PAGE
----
Tip of the Week - Choosing a Wetsuit (Extra Hip/leg Buoyancy - Yes or No)
With summer fast approaching and a new season of Ocean, Lake and Triathlon swims to get ready for you may be asking yourself what type of wetsuit do you need. This is especially important for those new to open water swimming. There is a vast number of wetsuits on the market and what works for one person doesn't always work for someone else.
Females generally differ to men in body composition so therefore the wetsuit a female will choose will be different to that of a male and yes, they do have gender specific wetsuits. Females generally, but not in all cases, have a more natural body position in the water so they don't need to add extra buoyancy in the hips and legs that males do. Adding too much buoyancy to the hips and legs compared to the upper body can actually raise the back end too high in the water which ends up slowing you down. You can have the most expensive wetsuit on the market but if it doesn't suit your body position while swimming then it's just keeping you warm while you are swimming.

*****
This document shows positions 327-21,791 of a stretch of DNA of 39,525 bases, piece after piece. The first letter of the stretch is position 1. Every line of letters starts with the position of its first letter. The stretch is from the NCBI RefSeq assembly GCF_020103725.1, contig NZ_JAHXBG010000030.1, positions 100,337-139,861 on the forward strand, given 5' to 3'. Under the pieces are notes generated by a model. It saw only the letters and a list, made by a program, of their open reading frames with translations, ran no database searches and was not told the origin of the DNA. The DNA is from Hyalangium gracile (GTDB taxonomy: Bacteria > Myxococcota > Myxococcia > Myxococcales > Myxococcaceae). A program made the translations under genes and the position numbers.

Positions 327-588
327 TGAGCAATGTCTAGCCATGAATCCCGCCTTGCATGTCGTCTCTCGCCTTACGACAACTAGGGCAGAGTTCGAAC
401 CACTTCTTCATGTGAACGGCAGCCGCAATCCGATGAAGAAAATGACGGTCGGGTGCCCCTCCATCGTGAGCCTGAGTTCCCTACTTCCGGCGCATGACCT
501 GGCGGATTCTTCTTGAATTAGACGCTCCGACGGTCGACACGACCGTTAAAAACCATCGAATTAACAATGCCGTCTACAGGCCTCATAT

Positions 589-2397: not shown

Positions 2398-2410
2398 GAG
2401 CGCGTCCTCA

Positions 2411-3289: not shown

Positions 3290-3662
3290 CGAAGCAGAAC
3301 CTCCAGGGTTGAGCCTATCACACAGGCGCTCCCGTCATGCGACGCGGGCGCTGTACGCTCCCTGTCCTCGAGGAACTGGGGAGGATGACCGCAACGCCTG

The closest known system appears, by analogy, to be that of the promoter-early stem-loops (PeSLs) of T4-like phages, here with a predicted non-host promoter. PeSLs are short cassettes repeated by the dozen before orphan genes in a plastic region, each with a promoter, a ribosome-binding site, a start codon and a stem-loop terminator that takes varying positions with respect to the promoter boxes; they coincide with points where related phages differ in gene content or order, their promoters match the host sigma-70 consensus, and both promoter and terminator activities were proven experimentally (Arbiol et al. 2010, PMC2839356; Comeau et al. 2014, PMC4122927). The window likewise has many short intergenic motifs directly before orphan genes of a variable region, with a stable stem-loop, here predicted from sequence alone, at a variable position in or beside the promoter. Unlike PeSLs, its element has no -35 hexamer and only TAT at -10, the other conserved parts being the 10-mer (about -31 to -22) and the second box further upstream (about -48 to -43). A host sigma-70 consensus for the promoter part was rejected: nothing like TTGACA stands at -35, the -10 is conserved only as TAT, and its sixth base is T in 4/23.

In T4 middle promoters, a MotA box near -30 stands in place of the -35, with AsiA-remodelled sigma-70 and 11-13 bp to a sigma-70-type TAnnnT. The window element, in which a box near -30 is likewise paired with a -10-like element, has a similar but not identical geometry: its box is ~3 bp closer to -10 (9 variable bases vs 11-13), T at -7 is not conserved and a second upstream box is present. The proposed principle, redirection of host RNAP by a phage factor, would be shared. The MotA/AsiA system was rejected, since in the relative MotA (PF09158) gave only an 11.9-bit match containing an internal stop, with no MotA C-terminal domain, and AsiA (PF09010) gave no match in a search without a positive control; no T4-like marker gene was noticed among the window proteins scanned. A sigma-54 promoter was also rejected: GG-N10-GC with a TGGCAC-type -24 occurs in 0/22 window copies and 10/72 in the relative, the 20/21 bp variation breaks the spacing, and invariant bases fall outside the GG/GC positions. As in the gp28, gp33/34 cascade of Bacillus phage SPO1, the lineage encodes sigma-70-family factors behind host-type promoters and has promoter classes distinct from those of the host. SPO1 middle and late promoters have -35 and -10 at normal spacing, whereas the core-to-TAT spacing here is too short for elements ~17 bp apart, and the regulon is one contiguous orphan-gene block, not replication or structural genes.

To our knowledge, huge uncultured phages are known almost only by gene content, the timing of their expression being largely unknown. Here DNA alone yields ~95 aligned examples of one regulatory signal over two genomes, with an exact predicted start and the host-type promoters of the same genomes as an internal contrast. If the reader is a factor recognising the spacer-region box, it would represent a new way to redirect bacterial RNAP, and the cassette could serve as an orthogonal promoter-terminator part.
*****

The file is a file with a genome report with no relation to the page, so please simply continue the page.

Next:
One method, in the pool, to check this is to swim a specific distance with a pull buoy or alternatively, if you can get hold of a pair, wetsuit pants to see how it affects your speed compared to swimming the same distance without. The advantage of the wetsuit pants is that they don't affect your rotation or kick the same as a pull buoy does. If you are slower with the pull buoy or wetsuit pants, then you will want to go with a wetsuit that is neutral e.g. similar thickness neoprene (no more than 1mm difference and preferably 0mm) through the body and hips/legs. If you are quicker with the added buoyancy of the pull buoy or wetsuit pants, then you should be looking at a wetsuit with more buoyancy in the hips and legs compared to the upper body. How much extra buoyancy depends on how low your hips/legs are compared to the upper body while swimming. More efficient swimmers are likely to have a good body position in the water so won't need too much extra buoyancy in the hips/legs but swimmers with low hips/legs in the water will generally benefit from the maximum amount of extra buoyancy they can go for.